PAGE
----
Do-it-yourselfers who hate paperwork but want a lot of choices shouldn't despair: No-transaction fee networks, also known as "supermarkets," are a popular solution. If you invest through a major supermarket, you can choose from thousands of funds offered by dozens of fund families—and there's no direct cost to you. So you could buy one fund from, say, Jensen, another from Royce, yet another from PIMCO, and one from Tweedy, Browne and receive all of your information about performance, taxes, etc., on one consolidated statement.
There are a number of fund supermarkets today, and more and more fund families are getting into the act with supermarkets that include funds outside of their own families.
What could the drawbacks here possibly be? Surprisingly, one drawback is cost. While it is true that fund supermarkets do not charge you when you invest in a fund through their programs, they charge the fund companies to be included in their programs. That charge ranges from 0.25% to 0.40% of assets per year. As any student of economics knows, that fee acts a whole lot like a tax and it's passed right along to shareholders—that's right, to you—as part of a fund's expense ratio, the fee the fund charges you each year for managing your money. The real kicker is that shareholders are paying these fees whether they buy the funds through the fund supermarket or directly from the fund family.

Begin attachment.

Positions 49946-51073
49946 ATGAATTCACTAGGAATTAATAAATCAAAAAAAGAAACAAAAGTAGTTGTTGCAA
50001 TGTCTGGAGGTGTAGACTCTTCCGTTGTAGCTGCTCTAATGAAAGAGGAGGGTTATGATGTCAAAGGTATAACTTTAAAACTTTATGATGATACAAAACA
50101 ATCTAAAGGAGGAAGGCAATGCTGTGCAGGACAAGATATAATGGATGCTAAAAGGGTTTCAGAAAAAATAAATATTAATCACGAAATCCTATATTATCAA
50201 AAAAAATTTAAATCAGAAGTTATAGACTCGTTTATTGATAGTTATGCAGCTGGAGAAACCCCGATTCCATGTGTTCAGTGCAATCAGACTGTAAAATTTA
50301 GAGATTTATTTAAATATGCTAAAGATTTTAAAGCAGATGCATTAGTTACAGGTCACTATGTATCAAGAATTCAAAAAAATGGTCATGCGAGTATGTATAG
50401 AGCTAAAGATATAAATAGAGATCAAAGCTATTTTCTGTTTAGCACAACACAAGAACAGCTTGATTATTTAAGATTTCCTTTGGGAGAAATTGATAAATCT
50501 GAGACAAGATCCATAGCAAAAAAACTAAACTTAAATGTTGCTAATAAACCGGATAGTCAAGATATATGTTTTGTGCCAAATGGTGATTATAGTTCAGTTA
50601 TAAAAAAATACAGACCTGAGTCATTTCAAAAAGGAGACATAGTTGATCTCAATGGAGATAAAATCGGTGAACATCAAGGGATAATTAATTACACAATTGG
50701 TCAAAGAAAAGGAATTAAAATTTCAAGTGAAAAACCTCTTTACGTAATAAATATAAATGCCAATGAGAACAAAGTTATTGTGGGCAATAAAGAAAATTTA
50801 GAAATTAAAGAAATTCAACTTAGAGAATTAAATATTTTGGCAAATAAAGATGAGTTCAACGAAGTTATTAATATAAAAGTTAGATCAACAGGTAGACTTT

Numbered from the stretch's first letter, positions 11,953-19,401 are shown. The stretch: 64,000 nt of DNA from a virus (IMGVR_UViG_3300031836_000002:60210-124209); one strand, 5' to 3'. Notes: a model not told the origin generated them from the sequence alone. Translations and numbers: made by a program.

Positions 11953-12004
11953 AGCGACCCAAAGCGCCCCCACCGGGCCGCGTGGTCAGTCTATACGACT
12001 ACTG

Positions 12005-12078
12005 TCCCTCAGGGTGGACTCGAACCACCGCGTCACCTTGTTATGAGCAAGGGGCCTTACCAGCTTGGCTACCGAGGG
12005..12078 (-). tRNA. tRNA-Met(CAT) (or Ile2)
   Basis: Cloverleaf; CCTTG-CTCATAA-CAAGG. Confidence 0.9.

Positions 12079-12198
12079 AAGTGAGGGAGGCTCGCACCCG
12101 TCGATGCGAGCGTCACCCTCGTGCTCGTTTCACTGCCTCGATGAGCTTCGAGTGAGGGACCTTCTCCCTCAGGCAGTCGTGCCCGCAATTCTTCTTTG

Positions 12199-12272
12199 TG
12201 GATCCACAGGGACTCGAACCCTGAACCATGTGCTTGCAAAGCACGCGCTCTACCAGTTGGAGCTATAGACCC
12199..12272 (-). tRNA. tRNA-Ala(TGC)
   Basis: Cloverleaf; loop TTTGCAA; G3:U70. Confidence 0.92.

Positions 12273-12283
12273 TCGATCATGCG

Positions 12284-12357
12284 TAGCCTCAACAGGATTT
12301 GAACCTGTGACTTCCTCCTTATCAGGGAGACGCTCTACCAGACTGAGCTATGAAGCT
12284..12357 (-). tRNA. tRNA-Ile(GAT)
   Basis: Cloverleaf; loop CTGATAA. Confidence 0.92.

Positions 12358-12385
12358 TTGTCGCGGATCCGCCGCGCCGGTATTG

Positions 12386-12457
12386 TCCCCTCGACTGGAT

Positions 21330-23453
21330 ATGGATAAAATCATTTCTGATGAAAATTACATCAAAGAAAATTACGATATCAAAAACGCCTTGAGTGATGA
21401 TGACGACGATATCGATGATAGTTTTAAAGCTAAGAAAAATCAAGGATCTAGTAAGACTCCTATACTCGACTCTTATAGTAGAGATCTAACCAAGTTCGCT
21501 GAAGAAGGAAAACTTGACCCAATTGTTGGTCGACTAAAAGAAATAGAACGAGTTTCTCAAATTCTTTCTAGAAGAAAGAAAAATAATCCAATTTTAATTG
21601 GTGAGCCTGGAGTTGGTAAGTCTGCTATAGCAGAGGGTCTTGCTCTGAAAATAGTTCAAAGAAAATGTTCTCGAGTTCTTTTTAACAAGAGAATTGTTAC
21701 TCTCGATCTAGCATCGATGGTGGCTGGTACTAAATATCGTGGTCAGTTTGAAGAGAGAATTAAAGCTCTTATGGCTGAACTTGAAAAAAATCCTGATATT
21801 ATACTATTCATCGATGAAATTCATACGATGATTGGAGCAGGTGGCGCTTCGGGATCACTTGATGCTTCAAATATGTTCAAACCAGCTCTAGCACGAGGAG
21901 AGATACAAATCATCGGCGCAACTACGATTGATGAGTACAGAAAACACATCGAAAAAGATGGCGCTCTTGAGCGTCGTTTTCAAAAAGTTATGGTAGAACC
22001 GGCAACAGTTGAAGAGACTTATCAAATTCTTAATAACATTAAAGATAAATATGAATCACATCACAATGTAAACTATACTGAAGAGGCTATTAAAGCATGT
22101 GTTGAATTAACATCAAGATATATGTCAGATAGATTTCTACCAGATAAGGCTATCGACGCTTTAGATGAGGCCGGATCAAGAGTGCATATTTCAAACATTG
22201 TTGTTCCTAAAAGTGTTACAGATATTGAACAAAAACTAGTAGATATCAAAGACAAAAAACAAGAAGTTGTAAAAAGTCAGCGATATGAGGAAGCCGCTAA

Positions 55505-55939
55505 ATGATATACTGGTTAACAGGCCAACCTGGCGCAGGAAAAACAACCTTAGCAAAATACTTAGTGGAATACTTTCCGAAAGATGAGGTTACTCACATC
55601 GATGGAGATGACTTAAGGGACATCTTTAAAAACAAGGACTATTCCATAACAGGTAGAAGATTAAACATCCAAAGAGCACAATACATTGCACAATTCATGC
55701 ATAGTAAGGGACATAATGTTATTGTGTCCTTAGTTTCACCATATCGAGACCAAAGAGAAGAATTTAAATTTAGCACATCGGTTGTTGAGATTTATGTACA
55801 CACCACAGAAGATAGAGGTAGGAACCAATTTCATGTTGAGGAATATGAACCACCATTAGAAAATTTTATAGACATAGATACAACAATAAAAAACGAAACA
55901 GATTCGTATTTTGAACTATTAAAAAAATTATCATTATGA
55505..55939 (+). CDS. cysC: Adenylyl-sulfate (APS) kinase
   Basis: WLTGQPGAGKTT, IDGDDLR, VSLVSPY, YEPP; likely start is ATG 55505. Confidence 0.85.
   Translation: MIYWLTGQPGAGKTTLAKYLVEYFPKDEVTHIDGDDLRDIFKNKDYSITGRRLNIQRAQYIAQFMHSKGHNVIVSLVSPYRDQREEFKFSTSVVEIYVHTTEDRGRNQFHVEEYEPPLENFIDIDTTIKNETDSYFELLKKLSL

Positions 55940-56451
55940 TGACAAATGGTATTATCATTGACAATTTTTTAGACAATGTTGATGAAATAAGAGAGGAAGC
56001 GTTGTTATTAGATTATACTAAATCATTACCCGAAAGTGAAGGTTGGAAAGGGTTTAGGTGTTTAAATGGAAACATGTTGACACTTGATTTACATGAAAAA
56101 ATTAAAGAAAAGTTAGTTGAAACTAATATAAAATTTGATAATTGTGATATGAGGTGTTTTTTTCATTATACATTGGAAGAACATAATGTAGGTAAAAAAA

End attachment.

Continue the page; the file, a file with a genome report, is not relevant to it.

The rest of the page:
Some observers, including Vanguard founder Jack Bogle, also suggest that fund supermarkets encourage rapid trading among funds. Most supermarkets offer online trading, and with so many funds from so many families investing in so many different things to choose from, the temptation is great. But trading too much can hurt your portfolio's overall performance. (We'll tackle that subject in depth in a later lesson.)